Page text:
Good communicators are rarely at a loss for words. However, even the most gifted has an innate preference for speaking or writing. Regardless of your proclivities, organizing your thinking before putting “pen to paper” requires considerably more time and effort than arranging your thoughts for a speaking engagement covering the same material. This belief makes sense if you consider that most people spend significantly more time talking than they do writing reports. Further, our conversations typically align more closely with our thoughts, which occur nearly constantly. The informal phrasing and expressions commonly used while speaking are deemed inappropriate for writing, demanding the use of exceptional language. Finally, most professionals (other than writers) believe that writing is a means to an end rather than a skill to be developed and perfected over time. As a result, we only engage in technical writing when necessary.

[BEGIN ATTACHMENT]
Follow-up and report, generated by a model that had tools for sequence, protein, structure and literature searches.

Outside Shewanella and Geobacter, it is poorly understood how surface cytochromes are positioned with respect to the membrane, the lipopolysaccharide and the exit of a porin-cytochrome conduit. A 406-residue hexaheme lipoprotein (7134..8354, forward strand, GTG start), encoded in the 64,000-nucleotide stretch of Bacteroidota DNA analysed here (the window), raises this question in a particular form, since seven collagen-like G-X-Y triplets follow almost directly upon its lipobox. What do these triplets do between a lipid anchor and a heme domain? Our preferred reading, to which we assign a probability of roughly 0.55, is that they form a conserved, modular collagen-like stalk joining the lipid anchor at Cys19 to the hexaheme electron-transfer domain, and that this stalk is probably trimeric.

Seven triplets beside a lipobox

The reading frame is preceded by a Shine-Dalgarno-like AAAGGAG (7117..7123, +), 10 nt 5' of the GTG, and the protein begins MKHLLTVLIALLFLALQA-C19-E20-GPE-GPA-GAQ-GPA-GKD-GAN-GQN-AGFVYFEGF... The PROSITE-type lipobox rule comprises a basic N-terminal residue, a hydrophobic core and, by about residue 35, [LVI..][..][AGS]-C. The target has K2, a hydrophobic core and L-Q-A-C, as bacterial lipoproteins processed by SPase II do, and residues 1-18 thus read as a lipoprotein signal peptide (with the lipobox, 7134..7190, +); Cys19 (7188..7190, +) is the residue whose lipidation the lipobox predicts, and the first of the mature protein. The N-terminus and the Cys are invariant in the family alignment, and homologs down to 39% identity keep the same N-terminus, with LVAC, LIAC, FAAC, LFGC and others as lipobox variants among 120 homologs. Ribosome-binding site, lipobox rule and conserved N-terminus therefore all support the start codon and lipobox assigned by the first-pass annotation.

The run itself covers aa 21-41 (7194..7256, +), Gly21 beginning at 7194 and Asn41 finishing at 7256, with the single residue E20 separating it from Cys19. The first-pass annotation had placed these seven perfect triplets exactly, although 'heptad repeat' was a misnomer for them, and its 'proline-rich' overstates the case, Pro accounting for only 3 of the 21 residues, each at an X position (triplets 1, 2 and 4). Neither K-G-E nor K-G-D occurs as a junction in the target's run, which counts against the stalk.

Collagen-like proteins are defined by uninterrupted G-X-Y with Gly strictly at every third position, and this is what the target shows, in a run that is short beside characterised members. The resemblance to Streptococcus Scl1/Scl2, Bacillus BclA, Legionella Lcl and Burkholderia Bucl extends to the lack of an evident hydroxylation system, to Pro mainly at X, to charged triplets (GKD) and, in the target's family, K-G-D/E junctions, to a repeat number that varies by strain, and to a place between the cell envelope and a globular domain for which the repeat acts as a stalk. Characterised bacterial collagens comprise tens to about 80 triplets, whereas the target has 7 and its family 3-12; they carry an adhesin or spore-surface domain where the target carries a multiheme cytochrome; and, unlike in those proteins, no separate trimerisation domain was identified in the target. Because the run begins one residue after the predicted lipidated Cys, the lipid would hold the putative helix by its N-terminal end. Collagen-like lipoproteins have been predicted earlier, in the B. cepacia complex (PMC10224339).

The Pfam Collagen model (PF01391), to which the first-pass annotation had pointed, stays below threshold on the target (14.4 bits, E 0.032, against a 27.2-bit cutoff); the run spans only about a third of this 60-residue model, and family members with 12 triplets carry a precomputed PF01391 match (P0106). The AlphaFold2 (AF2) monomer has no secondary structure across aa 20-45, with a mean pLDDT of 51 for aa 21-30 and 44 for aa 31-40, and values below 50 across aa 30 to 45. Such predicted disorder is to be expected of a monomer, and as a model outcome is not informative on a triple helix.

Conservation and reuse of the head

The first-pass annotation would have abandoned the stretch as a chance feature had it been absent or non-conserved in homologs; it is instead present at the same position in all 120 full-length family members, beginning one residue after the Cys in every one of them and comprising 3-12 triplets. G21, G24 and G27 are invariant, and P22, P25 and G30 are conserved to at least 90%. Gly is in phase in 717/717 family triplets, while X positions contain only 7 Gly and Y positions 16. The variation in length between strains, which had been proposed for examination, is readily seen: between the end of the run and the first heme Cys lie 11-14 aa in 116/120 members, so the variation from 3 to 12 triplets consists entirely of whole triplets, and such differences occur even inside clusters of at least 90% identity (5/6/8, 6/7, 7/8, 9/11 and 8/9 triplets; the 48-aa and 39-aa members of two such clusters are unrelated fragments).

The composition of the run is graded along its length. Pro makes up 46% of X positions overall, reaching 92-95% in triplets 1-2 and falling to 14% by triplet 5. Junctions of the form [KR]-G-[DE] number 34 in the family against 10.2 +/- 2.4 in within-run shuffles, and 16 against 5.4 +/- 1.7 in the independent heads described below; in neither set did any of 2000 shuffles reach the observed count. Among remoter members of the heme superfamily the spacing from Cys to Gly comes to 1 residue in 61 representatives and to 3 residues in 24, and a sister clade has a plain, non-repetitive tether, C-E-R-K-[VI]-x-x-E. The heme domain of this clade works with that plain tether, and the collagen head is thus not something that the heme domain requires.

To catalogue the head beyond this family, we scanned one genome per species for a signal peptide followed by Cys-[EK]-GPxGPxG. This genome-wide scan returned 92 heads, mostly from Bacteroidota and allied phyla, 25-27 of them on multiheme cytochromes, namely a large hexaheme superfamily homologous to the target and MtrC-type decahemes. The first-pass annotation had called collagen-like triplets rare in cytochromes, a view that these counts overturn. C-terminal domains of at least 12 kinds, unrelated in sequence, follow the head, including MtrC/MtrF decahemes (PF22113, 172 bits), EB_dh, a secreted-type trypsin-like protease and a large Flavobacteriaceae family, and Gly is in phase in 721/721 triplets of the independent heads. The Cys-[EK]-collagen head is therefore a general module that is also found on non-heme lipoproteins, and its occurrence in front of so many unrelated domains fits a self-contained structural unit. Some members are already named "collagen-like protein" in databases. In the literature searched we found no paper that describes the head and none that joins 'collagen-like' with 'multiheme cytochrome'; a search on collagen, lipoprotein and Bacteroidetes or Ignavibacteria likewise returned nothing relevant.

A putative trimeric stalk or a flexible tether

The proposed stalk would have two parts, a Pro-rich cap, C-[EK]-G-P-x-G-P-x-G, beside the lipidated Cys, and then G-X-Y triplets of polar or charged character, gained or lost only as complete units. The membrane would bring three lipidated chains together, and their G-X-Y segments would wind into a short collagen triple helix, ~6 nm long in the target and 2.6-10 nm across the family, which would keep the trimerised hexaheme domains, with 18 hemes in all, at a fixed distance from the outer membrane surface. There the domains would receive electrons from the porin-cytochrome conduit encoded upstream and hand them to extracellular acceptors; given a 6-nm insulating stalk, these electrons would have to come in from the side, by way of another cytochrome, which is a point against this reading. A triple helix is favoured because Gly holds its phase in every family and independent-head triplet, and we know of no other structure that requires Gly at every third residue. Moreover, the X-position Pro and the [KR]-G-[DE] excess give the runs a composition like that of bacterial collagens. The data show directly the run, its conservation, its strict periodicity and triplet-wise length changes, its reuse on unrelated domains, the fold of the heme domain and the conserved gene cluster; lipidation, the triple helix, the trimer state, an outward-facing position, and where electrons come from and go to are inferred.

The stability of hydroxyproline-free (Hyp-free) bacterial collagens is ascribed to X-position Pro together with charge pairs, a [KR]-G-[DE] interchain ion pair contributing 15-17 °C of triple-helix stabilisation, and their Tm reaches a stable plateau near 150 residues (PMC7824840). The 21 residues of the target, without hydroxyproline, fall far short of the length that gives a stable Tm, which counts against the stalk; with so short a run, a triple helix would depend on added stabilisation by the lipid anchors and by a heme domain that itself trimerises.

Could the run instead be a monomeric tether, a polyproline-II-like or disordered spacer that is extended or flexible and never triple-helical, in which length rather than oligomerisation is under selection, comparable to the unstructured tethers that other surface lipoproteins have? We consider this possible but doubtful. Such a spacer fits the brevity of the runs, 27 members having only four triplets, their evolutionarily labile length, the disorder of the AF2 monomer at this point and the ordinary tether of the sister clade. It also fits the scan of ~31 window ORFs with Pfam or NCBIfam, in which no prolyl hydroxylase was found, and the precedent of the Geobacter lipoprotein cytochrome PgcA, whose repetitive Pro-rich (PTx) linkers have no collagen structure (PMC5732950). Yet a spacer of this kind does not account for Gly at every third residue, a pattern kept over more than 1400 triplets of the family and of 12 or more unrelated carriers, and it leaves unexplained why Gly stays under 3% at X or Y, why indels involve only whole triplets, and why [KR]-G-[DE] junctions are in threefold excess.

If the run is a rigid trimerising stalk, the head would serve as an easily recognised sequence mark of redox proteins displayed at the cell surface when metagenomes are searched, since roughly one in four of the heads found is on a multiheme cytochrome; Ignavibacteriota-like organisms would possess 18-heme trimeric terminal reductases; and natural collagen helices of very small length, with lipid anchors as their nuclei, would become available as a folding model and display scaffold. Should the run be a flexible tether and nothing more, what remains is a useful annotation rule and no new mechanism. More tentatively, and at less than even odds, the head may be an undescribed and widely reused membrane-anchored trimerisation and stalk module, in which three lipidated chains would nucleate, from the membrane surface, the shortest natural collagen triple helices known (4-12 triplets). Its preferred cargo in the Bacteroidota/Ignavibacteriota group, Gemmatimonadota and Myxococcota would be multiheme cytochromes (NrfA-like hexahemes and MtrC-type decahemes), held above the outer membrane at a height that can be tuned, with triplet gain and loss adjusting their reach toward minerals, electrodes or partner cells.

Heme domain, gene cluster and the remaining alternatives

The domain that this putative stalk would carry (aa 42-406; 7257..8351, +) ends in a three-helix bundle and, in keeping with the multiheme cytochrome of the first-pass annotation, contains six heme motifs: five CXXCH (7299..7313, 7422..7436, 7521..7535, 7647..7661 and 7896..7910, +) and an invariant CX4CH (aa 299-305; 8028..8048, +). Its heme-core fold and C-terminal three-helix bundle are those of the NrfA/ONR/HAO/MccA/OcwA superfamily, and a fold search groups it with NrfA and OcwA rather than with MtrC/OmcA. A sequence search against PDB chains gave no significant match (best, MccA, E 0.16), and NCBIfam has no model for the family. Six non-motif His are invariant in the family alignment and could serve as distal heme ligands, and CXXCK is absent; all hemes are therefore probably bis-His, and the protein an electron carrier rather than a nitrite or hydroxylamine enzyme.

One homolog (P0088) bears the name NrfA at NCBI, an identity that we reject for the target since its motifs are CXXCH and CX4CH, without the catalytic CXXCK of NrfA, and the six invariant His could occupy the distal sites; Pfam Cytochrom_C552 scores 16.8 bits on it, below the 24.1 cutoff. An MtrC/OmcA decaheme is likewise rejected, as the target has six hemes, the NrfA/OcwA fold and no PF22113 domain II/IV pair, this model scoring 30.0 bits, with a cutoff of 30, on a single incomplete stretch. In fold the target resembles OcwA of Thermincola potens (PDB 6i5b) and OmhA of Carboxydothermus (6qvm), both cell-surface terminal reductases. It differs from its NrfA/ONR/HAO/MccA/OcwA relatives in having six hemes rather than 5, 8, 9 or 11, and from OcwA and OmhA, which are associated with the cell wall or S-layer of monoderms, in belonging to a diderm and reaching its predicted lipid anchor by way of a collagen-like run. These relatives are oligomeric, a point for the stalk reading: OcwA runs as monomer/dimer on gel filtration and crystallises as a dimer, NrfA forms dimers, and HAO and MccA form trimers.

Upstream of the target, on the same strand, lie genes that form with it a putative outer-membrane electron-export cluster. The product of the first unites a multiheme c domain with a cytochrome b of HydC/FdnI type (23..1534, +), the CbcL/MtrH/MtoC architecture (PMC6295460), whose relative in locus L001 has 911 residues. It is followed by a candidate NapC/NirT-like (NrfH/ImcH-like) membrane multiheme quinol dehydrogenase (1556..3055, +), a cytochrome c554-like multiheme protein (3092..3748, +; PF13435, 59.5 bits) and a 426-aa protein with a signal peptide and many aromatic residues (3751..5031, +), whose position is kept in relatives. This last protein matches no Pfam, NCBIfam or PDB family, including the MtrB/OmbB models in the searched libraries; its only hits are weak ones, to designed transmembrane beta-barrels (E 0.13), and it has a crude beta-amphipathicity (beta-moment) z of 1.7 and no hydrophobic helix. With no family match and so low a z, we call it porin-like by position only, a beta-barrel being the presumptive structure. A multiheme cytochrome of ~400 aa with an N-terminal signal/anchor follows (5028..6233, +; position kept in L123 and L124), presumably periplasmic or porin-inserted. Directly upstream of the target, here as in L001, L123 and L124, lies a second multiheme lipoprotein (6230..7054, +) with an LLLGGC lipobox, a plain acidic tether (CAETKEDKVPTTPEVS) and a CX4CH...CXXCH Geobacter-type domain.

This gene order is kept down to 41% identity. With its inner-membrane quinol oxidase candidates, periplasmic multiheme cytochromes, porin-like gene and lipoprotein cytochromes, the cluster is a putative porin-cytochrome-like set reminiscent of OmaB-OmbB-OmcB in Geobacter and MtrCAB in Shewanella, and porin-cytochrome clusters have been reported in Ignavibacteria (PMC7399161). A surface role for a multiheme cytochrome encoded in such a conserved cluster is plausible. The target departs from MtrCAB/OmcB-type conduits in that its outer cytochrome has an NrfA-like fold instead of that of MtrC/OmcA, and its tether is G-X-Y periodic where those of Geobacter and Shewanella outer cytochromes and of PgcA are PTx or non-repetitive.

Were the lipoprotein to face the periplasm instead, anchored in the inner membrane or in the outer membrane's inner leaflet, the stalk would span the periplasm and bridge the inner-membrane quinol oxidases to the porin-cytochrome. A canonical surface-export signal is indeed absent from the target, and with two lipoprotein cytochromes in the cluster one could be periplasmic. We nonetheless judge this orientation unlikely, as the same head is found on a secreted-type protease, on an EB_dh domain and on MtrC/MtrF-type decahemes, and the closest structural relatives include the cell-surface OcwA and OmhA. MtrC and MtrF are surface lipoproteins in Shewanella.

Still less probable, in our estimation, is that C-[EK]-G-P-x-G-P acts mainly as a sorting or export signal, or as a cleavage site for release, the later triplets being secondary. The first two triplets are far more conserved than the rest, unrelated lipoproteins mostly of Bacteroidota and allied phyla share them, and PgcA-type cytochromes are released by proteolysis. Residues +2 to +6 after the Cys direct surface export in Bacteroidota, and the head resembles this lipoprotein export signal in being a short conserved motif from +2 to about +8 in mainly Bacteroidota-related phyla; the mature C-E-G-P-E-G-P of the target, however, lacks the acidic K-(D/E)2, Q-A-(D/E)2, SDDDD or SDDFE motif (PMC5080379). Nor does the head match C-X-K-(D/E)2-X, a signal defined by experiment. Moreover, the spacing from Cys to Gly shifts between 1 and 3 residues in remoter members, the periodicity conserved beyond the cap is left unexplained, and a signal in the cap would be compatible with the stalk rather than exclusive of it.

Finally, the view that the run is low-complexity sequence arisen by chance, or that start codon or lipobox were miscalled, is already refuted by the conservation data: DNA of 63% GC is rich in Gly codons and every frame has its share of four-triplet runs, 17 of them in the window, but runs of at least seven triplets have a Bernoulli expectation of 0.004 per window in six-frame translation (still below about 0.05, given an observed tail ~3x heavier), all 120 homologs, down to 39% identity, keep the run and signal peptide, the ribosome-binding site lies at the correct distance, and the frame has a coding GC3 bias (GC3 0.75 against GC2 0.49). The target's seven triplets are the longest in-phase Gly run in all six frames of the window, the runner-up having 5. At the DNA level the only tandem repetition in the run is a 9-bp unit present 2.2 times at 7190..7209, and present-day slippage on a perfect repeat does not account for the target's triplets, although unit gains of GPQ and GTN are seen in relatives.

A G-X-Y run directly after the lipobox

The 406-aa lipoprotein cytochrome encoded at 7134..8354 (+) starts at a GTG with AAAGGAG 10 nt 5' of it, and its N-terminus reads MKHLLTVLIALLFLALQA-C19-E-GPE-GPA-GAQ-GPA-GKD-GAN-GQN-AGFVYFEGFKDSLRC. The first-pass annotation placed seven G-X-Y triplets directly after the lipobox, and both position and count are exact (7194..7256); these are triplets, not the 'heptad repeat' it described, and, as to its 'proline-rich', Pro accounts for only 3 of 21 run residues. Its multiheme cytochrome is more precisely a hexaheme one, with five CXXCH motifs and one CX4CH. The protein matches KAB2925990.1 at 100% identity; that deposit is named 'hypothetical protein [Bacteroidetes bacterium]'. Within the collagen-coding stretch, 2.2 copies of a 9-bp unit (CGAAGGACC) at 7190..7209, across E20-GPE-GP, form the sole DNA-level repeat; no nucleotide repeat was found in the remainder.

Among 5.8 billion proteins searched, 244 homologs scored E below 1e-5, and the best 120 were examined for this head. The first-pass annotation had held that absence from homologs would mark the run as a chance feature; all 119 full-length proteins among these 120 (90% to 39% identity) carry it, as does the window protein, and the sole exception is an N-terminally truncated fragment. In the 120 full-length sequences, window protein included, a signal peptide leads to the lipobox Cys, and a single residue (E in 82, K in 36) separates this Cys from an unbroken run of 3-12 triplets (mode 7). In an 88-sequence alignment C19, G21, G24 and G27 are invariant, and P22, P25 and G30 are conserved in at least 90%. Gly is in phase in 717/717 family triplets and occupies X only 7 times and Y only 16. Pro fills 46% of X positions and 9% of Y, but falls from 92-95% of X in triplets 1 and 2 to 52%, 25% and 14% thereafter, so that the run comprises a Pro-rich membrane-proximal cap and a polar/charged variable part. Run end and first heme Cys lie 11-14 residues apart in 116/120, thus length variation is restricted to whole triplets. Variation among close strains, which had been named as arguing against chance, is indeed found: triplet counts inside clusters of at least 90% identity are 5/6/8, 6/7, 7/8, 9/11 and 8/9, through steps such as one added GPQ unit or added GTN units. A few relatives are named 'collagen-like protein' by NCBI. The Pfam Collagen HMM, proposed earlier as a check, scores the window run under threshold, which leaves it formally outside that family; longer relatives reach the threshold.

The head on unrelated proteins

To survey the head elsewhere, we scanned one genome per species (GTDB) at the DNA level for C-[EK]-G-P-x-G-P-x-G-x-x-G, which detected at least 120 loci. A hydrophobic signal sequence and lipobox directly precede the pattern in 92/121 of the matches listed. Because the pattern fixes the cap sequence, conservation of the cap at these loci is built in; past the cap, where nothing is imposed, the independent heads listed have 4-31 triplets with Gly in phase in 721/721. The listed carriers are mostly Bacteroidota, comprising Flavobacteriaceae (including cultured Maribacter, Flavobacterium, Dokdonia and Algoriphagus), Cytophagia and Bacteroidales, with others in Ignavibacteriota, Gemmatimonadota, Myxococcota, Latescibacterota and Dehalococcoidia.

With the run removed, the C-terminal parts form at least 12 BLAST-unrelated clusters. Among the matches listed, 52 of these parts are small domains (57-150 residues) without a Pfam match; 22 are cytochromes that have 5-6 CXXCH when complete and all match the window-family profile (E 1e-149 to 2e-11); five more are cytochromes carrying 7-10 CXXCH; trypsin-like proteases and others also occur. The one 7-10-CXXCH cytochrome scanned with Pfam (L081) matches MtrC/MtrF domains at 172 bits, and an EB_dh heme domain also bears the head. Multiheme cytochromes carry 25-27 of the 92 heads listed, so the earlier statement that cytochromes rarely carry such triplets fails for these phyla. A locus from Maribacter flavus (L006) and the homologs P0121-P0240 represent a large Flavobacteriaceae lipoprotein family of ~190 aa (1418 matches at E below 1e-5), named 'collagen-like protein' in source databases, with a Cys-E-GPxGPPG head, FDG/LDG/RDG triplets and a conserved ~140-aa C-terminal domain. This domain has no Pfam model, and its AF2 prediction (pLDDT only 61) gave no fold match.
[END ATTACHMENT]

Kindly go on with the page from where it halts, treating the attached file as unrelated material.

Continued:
Nevertheless, there are some general guidelines that may help organize
your thoughts. The first is to begin with the takeaway—what is it
that you want your audience to remember when they finish your report?
If the list is longer than three broad items, you will need to pare them
down to a manageable number. Additionally, be wary of setting your sights
on specific postures or radical changes of opinion. Neither is likely
unless your audience is highly motivated or easily influenced. Instead,
boil your material down to its essence that can be articulated in a few
short phrases that are effortlessly remembered. If you seek a modification
of beliefs, concentrate on having them question the veracity of their
positions, resulting in partial movement in the direction of interest.
Finally, look for an opening discussion that captures their attention
and causes them to want more and select closing arguments that reinforce
your primary opinions.